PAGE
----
Skill in investing has followed the same course as sports. Today’s professional investors are better trained, have greater access to information, can rely on better theory, and have more computing power than their predecessors. If an investor with today’s capabilities were to travel back to the 1960s, he or she could run circles around the competition.
The key to the paradox is that relative skill has been shrinking in most realms. Said differently, a decline in relative skill means the difference between the best and the average participant is less today than it was in the past. Stephen Jay Gould, a biologist at Harvard, made this point with batting average in Major League Baseball: while the mean batting average has remained relatively stable over time, the standard deviation has steadily declined. The last player to sustain a batting average in excess of .400 for a full season did so in 1941.
Exhibit 4 extends the standard deviation of excess returns from exhibit 3 back to the early 1960s. The reduction is evident, with the notable deviation during the dot-com period. The results for hedge funds demonstrate a similar pattern. This is the outcome you expect in a market that is largely efficient.”
What’s not in the quote above that we discussed back in 2015 is this: as the overall skill level improves, it’s the weakest players that leave the game. This means that the remaining players are left having to compete harder to win.
How does this apply to active management? Passive investors don’t play the game. This leaves active investors to fight it out for what’s left of an ever-shrinking slice of the investment pie as investors flock to indexing. This forces the weakest players out of the game, making it even harder for those that remain to outperform the market. Reminds me of the 1986 film Highlander (“there can only be one”).
6. You get to spend more time thinking about the really important stuff, such as objectives, asset allocation and education.
Why do we universally acknowledge the importance of asset allocation and yet spend the majority of our time picking managers? Why do we pay an active fund manager, who manages a small slice of our portfolio, multiples of what we pay an asset consultant to provide strategic advice over the entire portfolio?
Wouldn’t it be better to spend the time understanding our investment goals and setting realistic objectives? If we’re investing for others, wouldn’t their interests be better served if we spent more time educating them about their investments? After all, it’s their money.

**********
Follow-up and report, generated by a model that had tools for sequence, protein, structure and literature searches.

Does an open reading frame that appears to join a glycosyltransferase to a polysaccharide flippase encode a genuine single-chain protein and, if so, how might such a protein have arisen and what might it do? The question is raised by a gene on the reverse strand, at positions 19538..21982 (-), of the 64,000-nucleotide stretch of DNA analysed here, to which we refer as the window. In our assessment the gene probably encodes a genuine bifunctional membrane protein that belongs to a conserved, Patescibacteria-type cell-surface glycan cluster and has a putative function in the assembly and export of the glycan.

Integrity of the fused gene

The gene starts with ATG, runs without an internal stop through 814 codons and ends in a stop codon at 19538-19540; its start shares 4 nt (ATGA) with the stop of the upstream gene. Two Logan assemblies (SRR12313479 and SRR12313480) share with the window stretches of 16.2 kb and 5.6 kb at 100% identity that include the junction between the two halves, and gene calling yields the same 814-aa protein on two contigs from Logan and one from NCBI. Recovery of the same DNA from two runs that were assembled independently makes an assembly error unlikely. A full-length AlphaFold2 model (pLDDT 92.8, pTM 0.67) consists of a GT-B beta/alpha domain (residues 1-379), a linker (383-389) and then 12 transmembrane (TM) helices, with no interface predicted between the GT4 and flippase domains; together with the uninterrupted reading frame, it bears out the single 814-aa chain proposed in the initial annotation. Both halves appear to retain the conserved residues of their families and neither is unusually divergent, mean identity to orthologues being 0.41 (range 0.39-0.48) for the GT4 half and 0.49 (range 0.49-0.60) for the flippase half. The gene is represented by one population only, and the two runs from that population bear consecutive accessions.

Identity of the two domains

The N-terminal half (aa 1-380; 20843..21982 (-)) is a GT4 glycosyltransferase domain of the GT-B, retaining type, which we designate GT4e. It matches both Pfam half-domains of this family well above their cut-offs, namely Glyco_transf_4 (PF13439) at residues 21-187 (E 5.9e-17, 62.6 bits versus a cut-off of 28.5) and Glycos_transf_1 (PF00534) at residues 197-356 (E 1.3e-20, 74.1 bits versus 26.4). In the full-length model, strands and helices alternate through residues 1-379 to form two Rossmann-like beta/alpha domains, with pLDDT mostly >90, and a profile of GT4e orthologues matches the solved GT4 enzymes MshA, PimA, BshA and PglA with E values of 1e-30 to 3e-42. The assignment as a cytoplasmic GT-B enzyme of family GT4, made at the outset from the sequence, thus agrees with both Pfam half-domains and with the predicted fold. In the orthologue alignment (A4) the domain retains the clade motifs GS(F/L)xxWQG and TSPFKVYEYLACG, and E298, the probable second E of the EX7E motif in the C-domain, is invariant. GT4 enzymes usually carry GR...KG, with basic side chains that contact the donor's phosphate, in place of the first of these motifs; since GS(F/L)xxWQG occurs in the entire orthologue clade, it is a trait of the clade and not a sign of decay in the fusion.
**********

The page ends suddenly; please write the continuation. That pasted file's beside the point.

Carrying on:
The active vs passive decision depends on many factors, most of which are stacked against active management. This is not because markets are efficient and can’t be beaten. Nor is it due to a lack of skill.
Active management disappoints for two main reasons. Firstly, intermediaries have put their interests above those of their clients. How else do you explain an industry where the client risks their capital and the fund manager collects the majority of the added value?
Secondly, the all-too-human response of their individual investors and fiduciaries to uncertainty. For example, short-term performance chasing and paying for useless advice from experts mean the beneficiaries hardly ever receive the returns that they’re due.
I’d like to finish these series of opinion pieces on a positive note. Here are five suggestions on how to make active management more successful:
- Honest self-appraisal. Go back and look at your hiring and firing decisions. Is there a pattern of hiring yesterday’s winner only to sack them as tomorrow’s loser? If so, why do you think the next fund manager will be different? Be honest enough to admit that you/your institution might not be cut out for active management. There’s no shame in knowing your limitations. After all, you’re likely to do better than the majority still stuck in denial.
- A genuine long-term focus. Anybody who says that they’re a long-term investor but who habitually compares monthly performance to peers or a benchmark is fooling themselves. Nothing good can ever come from it.
- Prioritise. Some markets are harder to beat than others. If you are going to be active, spend your money where it’s more likely to pay off.
- Incentives matter. Look for fee arrangements that promote a long-term relationship and incentivise both the fund manager and the client to behave correctly. Innovative fee structures such as long-term mandates are a good start.
- Behaviour persists, performance doesn’t. When assessing fund managers look at what they do and why, not their results. If a fund manager makes good decisions, their results will on average, over the long -term take care of themselves. Behaviour is also far more persistent (we are creatures of habit) and easier to identify if you know what to look for.
[i3] Insights is the official educational bulletin of the Investment Innovation Institute [i3]. It covers major trends and innovations in institutional investing, providing independent and thought-provoking content about pension funds, insurance companies and sovereign wealth funds across the globe.